We all know the benefits that can result from keeping a positive daily habit, but I was kind of surprised that a mere one-minute commitment could do the trick. In some ways it was easier than committing to a more sensible plan – say, one hour of writing a few times a week – because the daily momentum allowed me to feel that I was continuously in touch with the project, I didn’t forget where I was up to (as used to happen with other projects prior to adopting the one-minute-a-day rule), and on those days when I wanted to work for longer, it felt like the flow was always there to tap in to.
I’ve mentioned The Artist’s Way, a book by Julia Cameron, in previous articles. It would have to rate up there in my top three books for the impact it’s had on my life. I started writing my “morning pages” – 3 pages of continuous writing every morning, on whatever I feel like writing – after it was suggested in the book. I’ve been doing that for 19 years now. On the rare occasions when I skip a day, for example when I’m travelling, I make up for it the next day by writing 6 (I think my record was set at over 20 pages in a day, after I’d missed a whole week of writing!).
When I sometimes tell people about the morning pages, the response has been, “You must be very committed.” Am I, though? Am I “committed” to eating multiple tubs of coconut yoghurt every week? No, but I often do. Indulgent, yes. Enjoyable, yes. Huge commitment? Uh, no.
That’s how I feel about the pages. It might look like a commitment from the outside, but from inside it feels like both a necessity and a luxury I continue to enjoy. Looking back at the first year or two after I started that habit, there were times when I went blank, thinking, “What do I write on this page?” Or I wrote “I don’t know what to write” repeatedly – it was the only way those 3 pages would get written. Those blank or stuck moments don’t happen anymore. Maybe they were symbolic of blanks or “stickiness” in other areas of my life at the time too. As the daily habit of writing continued, I became gently unstuck in more ways than one. Some things can’t be forced, including creativity, which is nurtured by habit and a sense of trust. The day before this topic came to me, I had no idea what I would focus the monthly update on. Literally no idea. Then in the morning, I wrote this down at the crack of dawn on the same pad of paper that I keep near my bed to write my morning pages, every morning.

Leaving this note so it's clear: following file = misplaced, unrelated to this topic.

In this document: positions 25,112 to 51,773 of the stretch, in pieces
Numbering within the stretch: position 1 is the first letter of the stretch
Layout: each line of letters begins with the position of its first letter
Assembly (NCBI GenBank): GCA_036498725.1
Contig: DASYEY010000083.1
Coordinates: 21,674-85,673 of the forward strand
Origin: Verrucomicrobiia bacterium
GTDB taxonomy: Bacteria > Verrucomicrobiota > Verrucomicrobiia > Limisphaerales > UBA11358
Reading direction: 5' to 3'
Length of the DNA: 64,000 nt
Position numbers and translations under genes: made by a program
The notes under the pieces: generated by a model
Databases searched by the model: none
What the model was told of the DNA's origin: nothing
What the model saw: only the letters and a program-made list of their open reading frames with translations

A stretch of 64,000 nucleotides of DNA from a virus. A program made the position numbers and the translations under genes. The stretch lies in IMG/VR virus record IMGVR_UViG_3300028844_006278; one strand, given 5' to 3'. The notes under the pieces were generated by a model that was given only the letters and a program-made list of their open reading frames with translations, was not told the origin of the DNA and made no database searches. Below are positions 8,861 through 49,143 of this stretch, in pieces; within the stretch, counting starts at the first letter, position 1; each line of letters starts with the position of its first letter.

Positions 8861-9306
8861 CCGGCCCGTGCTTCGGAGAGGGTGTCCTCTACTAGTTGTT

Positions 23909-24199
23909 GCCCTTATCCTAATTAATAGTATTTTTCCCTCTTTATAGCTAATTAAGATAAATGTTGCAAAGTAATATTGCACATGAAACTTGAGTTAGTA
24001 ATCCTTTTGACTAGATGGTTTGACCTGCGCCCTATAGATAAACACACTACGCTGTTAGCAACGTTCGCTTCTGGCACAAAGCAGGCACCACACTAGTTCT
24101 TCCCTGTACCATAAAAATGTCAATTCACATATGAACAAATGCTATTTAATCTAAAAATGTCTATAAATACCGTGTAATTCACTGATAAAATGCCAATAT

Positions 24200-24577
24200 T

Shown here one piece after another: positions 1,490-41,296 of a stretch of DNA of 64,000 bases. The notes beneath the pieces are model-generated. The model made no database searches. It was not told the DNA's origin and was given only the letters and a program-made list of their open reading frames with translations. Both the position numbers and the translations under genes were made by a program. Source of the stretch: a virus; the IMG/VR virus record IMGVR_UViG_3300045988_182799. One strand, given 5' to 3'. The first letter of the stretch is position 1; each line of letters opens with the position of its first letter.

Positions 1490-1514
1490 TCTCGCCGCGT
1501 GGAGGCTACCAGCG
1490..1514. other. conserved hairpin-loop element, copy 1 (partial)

I’m sure this can apply to activities and habits beyond writing. If you’re stuck on something you want to complete or start or explore, consider spending one minute a day on it. Whether it’s clearing clutter, playing a musical instrument, learning a new language, planning a big event, or finishing a long-term project, committing to one-minute a day might be more effective than putting pressure on yourself to set aside a more significant chunk of time for it. How often have you heard people say that they wanted to work towards a certain goal or engage in an activity that seemed to matter to them, only to postpone it for weeks, months or even years?
If there’s something that you feel happy about doing every day, then it won’t feel like a chore or a huge commitment. On the other hand, if you dread doing that thing for even one minute a day, maybe it’s worth considering the possibility that you could just drop that thing from your life. The alternative is that you spend precious time on activities or projects you don’t like or appreciate, or you might end up not spending any time on them at all because you don’t want to, while still feeling guilty about procrastinating.
So maybe choose
something you’ve wanted to do but have been putting off, and try to devote one
minute a day to it. One minute a day keeps procrastination at bay!